Aug. 3-6, 9-13, 16-20, 23-27, Brown County Playhouse, Nashville, Indiana -- Where else can you see Othello as a rap song, or King Lear as a football game, or Hamlet at supersonic speed—backwards? It could only be the riotously funny The Compleat Works of Wllm Shkspr (abridged). Three actors perform all 37 of Shakespeare's plays in a madcap style worthy of Groucho Marx. Take advantage of this chance to be able to impress all of your friends by saying, "I've seen the complete works of William Shakespeare." Just leave off the "abridged" part. For tickets, visit ticketmaster at: http://www.ticketmaster.com/venue/41147/?search_redirect=Brown County Playhouse. Tickets are $18 for adults. Student/Junior tickets are $11. For more information, visit http://www.indiana.edu/~thtr/bcplay.html.

'IU Day' at the Indiana State Fair


Aug. 10, Indiana State Fair, Indianapolis -- It's all about IU for an entire day at the Indiana State Fair. On Aug. 10 on Expo Hall Street, IU will celebrate its commitment to the Hoosier state with hands-on booths, giveaways, pep rallies and performances by the university's leading artists and performers. Several stages will showcase the best of IU's fine arts, music and dance, and the university will have a continual presence on IU Boulevard throughout the duration of the fair, to be held from Aug. 9 to 20. What's more, the brand-new IU Summer Music Festival Jazz Orchestra, directed by Indiana living legend David Baker, will help kick off the fair's 150th anniversary with a special concert on Aug. 8. For more information, go to http://www.indiana.edu/~fair/.'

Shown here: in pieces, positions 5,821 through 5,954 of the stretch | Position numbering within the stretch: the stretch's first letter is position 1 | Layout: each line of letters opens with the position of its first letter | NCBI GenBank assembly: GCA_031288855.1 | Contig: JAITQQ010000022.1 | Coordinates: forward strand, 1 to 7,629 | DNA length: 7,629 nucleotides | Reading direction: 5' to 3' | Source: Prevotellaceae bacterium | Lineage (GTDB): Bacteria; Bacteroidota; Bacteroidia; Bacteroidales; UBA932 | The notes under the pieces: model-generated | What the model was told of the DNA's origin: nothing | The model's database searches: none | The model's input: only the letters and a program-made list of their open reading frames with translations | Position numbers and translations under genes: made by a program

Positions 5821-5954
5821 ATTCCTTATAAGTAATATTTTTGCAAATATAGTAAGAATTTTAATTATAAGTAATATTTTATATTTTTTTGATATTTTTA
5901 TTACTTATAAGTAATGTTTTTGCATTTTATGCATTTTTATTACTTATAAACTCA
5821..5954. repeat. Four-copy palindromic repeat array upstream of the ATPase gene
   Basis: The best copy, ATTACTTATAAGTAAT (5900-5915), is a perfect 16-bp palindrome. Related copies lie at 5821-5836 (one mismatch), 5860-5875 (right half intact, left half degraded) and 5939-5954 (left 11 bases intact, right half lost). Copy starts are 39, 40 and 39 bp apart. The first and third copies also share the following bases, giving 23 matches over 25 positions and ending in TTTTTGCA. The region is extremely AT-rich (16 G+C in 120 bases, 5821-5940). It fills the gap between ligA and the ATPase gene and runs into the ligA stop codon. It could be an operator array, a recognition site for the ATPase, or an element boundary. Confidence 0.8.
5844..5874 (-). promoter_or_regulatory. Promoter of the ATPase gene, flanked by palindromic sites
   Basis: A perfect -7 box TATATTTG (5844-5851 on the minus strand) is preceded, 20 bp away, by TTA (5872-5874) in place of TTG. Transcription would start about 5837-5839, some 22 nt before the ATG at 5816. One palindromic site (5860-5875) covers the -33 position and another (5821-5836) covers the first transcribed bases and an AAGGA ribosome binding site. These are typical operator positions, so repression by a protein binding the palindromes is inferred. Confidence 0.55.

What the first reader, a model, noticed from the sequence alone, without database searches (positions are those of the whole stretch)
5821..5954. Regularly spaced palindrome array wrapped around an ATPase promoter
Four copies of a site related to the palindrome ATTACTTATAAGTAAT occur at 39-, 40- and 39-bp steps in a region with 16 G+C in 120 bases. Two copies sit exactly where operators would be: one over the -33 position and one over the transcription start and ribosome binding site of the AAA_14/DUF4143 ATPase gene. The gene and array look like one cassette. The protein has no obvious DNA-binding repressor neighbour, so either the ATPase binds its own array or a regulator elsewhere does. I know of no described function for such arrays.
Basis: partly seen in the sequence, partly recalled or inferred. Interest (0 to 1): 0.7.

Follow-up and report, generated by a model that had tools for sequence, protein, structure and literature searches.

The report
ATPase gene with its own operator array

Show Us Your Drawers'

This pear coffee table is part of the Herron School of Art and Design exhibit, "Show us Your Drawers." It is a juried exhibition of the most innovative work created by recognized professional studio furniture makers from the United States, Canada and beyond. This exhibit will serve as the centerpiece of a citywide display of contemporary furniture design.

Print-Quality Photo


Now through Aug. 6, Herron School of Art and Design galleries, Indianapolis -- Show Us Your Drawers is a juried exhibition of the most innovative work created by recognized professional studio furniture-makers from the United States, Canada and beyond. This exhibit will serve as the centerpiece of a citywide display of contemporary furniture design, which will complement the Furniture Society's National Conference hosted by Herron. The Furniture Society is a national association supporting and advancing the art of furniture-making. For more information, visit http://www.herron.iupui.edu.

Places of the Imagination